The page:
Public Health Seminar Series:

Obesity and Gastrointestinal Cancers: Evidence, Debates and Implications by Yunxia Lu, M.D., M.Sc., Ph.D.

Monday, November 9, 2015 12:00 PM - 1:00 PM Calit2 Auditorium OCW Video Archive
Seminar Abstract

Growing evidence shows that obesity plays an important role on changing incidence pattern of gastrointestinal (GI) cancers during the past decades. Based on epidemiological and clinical evidence, we have investigated whether phenotypes of obesity, obesity related biomarkers, nutrients or diet patterns were associated with risk of GI cancers. Several obesity-related pathways have been hypothesized. Obesity-driven chronic inflammation, that involves rather diverse components such as innate immunity, adipocytokines, insulin, insulin-like growth factors and the gut microbiota, has been regarded as the crucial contributing factor. This inflammation might be mitigated by dietary phytochemicals. However, surgical procedures including anti-reflux surgery and bariatric surgery might not be able to stop the progression of GI cancers. Further work tries to elucidate in more details of underlying mechanisms in the development of obesity-related GI cancer and the targets of breaking the obesity-GI cancer link.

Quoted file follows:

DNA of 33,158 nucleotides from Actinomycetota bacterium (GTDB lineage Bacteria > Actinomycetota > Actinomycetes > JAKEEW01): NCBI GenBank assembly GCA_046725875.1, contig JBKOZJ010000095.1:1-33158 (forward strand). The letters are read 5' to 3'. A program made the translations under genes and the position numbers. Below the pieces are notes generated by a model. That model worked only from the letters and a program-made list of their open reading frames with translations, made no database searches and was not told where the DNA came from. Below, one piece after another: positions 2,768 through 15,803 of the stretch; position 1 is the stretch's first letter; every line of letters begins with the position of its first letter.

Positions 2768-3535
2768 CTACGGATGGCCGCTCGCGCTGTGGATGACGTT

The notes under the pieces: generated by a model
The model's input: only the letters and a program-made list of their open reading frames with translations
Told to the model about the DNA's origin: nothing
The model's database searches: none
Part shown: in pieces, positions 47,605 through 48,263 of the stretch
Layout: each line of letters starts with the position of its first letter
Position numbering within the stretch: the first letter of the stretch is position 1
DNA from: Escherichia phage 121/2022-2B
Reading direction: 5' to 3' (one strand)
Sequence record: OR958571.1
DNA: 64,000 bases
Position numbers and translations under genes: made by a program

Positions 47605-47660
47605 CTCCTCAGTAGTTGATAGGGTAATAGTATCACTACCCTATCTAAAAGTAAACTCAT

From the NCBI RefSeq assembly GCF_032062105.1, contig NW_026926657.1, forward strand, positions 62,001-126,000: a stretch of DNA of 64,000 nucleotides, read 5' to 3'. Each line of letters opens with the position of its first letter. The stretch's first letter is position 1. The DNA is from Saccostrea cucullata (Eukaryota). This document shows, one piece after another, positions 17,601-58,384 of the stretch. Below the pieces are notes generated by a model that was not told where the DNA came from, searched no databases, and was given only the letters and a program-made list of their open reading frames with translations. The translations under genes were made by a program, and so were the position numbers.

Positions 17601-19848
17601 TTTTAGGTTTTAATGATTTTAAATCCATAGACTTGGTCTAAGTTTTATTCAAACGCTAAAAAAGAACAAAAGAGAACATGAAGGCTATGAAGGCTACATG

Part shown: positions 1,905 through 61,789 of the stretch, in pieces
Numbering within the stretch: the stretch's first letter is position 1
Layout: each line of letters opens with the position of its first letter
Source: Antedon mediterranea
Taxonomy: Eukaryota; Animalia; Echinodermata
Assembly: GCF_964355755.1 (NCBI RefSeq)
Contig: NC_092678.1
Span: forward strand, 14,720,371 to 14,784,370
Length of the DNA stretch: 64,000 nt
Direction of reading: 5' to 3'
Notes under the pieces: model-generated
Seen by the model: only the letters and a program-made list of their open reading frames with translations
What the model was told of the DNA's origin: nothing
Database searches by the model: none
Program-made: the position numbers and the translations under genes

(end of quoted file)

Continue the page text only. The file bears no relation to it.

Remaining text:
Speaker Biography - Yunxia Lu, M.D., M.Sc., Ph.D.

Yunxia Lu, M.D., M.Sc., Ph.D.
Yunxia Lu, M.D., M.Sc., Ph.D. Dept. of Molecular Medicine & Surgery, Karolinska Institute, Sweden; and School of Public Health, Imperial College, London
Dr. Lu is a Senior Researcher in Epidemiology at the Karolinska Institute in Stockholm, Sweden. She also holds an appointment as a Researcher in Biostatistics and Epidemiology at Imperial College, London, England, where she served as a Marie Curie Fellow. Dr. Lu's research focuses on the epidemiology, etiology, prevention, and treatment of gastrointestinal (GI) disorders. She has several years of experience with Nordic health registery-based research, patient-oriented research, clinical trials, clinical follow up studies,and population-based research.

Seminars are FREE and open to the public. If you can not attend, Videotapes of Public Health seminars are archived through the UC Irvine OpenCourseWare program - please visit OpenCourseWare:

For updates, please refer to this web page:

Copyright © 2018 The Regents of the University of California. All rights reserved.